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Recycled Gas Feeds a Massive Galaxy in the Early Universe

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Recycled Gas Feeds a Massive Galaxy in the Early Universe

Inspiraling Streams of Enriched Gas Around Massive Galaxy

Researchers have found evidence of enriched gas recycling during galaxy formation in the early Universe by observing a massive galaxy at redshift 2.3 using the Keck II and Subaru telescopes. The gas surrounding the galaxy contains elements heavier than helium, which are believed to be the result of stellar processes such as supernovae. Kinematic modeling of the observations shows that streams of this enriched gas spiral into the galaxy, providing additional fuel for rapid star formation. Credit: Department of Astronomy, Tsinghua University

Scientists have observed a massive galaxy at redshift 2.3, discovering that streams of enriched gas, containing elements heavier than helium, spiral into the galaxy, providing additional fuel for rapid star formation. This supports the theory of enriched gas recycling during galaxy formation in the early Universe.

Streams of intergalactic gas, enriched with elements heavier than helium, encircle and spiral into a massive galaxy observed at redshift 2.3, researchers report. The findings provide evidence of enriched gas recycling during galaxy formation in the early Universe.

Galaxies form through the accretion of gas from the circumgalactic medium (CGM) and intergalactic medium (IGM), which subsequently condenses into stars. Simulations and observations have shown that cold stream accretion – the accumulation of pristine intergalactic gas that contains almost no elements heavier than helium – provides fuel for the star formation rate of galaxies in the early Universe.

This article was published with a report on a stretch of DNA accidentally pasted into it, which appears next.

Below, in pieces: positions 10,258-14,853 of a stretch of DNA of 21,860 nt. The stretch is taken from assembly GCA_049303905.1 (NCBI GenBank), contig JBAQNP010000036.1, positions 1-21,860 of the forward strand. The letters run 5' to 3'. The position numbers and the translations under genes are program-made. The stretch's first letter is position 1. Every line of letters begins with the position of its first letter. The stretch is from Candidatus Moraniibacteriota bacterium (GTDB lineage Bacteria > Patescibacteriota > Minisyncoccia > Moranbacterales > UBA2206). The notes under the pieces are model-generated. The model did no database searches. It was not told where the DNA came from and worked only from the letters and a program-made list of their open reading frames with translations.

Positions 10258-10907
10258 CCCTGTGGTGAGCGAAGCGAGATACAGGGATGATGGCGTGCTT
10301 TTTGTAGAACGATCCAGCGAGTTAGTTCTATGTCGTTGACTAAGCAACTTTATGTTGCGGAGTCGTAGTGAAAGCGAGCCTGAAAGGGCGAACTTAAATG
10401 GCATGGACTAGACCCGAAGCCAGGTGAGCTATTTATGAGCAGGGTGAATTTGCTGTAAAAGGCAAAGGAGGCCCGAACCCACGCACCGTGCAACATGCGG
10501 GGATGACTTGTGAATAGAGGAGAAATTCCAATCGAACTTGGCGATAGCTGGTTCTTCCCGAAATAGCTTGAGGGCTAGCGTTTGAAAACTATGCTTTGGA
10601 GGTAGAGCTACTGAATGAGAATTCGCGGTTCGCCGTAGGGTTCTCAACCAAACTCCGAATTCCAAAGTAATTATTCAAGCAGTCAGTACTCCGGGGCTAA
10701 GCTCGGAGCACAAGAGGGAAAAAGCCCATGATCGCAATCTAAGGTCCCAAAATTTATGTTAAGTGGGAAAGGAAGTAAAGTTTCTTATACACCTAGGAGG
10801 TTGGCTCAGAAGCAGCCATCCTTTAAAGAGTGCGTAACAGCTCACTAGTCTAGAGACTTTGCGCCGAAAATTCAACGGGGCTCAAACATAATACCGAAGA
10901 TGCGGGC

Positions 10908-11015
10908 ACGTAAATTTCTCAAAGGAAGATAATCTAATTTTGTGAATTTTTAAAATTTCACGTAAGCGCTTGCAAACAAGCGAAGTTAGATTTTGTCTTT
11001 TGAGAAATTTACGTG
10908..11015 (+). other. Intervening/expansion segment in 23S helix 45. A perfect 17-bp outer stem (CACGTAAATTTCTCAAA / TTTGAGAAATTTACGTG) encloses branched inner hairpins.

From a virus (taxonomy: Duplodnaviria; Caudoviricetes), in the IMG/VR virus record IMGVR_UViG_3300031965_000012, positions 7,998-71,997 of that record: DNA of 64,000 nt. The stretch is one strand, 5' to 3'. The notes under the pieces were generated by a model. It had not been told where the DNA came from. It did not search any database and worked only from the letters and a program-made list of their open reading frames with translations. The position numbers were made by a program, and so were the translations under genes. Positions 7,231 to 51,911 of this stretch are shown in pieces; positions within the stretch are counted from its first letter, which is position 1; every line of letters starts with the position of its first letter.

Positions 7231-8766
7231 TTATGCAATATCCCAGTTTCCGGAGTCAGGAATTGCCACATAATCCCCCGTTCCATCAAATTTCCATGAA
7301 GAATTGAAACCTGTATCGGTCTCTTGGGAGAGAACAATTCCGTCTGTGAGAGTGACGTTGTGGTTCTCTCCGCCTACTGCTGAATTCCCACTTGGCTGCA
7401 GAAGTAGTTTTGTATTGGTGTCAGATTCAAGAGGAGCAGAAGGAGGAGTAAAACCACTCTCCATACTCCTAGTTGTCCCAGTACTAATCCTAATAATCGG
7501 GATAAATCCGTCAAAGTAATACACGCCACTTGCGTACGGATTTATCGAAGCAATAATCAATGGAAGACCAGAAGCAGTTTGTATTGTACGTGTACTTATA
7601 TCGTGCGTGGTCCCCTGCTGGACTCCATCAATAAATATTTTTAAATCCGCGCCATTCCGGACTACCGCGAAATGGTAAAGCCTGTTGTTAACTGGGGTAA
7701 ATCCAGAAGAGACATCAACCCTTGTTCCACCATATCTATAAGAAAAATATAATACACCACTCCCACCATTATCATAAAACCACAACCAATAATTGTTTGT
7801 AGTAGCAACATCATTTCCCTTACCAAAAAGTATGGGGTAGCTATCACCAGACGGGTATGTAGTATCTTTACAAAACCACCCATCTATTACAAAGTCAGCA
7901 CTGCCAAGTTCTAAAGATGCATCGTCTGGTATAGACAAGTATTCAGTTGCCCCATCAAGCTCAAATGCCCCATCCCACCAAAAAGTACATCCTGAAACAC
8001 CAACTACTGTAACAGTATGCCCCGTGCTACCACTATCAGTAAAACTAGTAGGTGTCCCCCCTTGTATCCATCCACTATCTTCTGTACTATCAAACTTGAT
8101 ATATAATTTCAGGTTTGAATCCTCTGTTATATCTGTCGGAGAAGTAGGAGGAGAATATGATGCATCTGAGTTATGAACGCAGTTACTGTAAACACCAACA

However, stellar processes in these early galaxies, such as supernovae, enrich gas within the galaxy with elements heavier than helium, including carbon. Related processes can even eject some of this material back out into the IGM.

Gas Recycling Around Massive Galaxy 11 Billion Years Ago

Direct imaging on the gas recycling around massive galaxy 11 billion years ago. Credit: Department of Astronomy, Tsinghua University

Theory predicts that the enriched gas could subsequently be recycled, accreting back into galaxies, providing additional fuel to sustain rapid star formation for longer. However, observations of enriched gas feeding high-redshift galaxies are limited.

Shiwu Zhang, Zheng Cai, and colleagues use the Keck II and Subaru telescopes to observe gas surrounding a massive galaxy at redshift 2.3. In addition to helium and hydrogen, spectra of this region reveal emission lines of ionized carbon, indicating that the CGM gas surrounding the galaxy has been enriched in elements heavier than helium. Kinematic modeling of the observations suggests that streams of the enriched gas are spiraling toward the massive galaxy.

Based on the findings, Zhang, Cai et al. propose that the observed inflowing enriched gas was recycled from an earlier period of star formation and calculate that it could sustain the observed star formation rate of the galaxy.

Reference: “Inspiraling streams of enriched gas observed around a massive galaxy 11 billion years ago” 4 May 2023, Science.
DOI: 10.1126/science.abj9192

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